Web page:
He titles one late chapter "Hope at the End of Our Tether," which is a pretty direct reference to H.G. Well's last book, Mind At the End of Its Tether, in which he found humanity fated to fail because it was too late to save itself. (The expression, by the way, means to have exhausted one's options, like an animal tethered, unable to go farther than the rope will allow. It goes back to the 16th century, but became an expression with this meaning early in the 19th. Like a lot of cultural metaphors from agriculture, it's pretty much lost its referent, except of course for dog-walkers.)

Orr ends this chapter with this paragraph: "At the end of our tether we must imagine the unimaginable: a world rid of nuclear weapons and a world powered by sunlight, safe from the possibility of catastrophic climate change. Utopia? Hardly. But those are the only realistic options we have."

 That's a powerful, present-tense restatement of how far we've stretched our possibilities. In 1960 and especially in his 1961 Inaugural, President Kennedy noted that humanity now had the power to abolish poverty, and also to abolish human life. Humanity could choose utopia, or it could choose oblivion. But as Buckminster Fuller and others soon suggested, the power of nuclear weapons etc. really meant that either we choose Utopia or we get Oblivion. It's an either/or.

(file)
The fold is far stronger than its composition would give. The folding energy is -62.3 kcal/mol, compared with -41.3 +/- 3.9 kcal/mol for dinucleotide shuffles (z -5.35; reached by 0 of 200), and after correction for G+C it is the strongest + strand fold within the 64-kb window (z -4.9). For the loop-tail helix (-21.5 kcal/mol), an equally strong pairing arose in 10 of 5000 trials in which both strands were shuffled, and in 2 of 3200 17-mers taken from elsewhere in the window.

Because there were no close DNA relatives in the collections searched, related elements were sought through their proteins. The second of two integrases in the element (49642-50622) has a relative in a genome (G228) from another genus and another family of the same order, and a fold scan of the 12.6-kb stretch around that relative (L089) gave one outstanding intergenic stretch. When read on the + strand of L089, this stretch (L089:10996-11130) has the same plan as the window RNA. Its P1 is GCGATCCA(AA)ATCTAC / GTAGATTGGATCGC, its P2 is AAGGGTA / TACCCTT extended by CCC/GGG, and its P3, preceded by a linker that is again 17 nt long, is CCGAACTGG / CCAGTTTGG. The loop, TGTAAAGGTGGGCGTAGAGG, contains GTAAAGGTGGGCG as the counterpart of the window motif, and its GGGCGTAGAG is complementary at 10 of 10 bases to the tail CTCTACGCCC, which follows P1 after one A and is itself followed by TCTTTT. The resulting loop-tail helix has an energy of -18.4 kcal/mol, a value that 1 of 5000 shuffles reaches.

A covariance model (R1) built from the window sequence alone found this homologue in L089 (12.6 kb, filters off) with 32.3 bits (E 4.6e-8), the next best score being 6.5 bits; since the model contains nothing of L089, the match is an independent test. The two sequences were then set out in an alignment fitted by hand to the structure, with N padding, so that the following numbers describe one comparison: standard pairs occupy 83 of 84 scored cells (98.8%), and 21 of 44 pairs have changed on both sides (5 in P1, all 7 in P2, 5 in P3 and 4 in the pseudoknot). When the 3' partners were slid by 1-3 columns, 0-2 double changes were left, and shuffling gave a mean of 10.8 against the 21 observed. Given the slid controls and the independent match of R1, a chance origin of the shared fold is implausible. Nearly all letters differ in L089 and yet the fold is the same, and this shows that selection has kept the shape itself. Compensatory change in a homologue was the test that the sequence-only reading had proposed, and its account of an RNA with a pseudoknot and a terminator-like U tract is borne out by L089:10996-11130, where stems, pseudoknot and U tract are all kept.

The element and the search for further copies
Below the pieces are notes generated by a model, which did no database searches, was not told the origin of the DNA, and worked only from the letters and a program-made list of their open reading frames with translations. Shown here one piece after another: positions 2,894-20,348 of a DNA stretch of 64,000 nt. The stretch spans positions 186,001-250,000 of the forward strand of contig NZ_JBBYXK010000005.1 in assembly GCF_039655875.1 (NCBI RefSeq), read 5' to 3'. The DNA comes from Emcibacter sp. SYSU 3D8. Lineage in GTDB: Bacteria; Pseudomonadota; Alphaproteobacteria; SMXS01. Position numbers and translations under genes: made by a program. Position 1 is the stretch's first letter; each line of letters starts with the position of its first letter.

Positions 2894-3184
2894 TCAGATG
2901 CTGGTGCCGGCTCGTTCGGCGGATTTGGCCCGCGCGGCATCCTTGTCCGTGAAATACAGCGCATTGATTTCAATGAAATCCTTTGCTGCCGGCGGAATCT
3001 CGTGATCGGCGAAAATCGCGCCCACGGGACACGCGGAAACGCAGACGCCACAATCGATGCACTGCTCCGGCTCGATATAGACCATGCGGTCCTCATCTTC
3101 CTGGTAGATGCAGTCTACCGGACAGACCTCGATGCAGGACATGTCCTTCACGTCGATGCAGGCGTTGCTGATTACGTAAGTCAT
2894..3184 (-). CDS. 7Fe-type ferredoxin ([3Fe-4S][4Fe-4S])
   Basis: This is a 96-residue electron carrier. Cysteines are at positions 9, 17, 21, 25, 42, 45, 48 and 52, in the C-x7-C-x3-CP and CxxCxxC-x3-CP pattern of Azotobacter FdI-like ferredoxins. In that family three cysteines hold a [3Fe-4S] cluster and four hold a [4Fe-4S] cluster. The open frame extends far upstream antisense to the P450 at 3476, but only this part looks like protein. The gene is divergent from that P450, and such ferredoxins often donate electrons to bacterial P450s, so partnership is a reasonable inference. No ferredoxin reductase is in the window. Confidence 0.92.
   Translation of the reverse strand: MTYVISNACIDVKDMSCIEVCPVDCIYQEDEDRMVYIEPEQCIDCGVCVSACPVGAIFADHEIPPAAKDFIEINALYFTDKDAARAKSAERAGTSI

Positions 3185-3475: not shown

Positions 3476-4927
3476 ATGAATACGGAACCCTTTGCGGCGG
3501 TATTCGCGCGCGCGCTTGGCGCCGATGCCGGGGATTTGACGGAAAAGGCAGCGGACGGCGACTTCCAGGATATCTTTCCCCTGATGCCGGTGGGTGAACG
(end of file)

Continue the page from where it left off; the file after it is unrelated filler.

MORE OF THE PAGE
Orr stretches the tether even tighter, by noting that resource problems and catastrophes from the Climate Crisis make nuclear war more likely and therefore more dangerous. So we don't have much of a choice--though as Orr notes, even if we save ourselves from our two principal scourges, without losing civilization in the process, we still won't wind up with Utopia, the perfect society. That at least forestalls the objection that he's asking for perfection, which is by definition impossible. He's just saying the just about impossible is just about essential.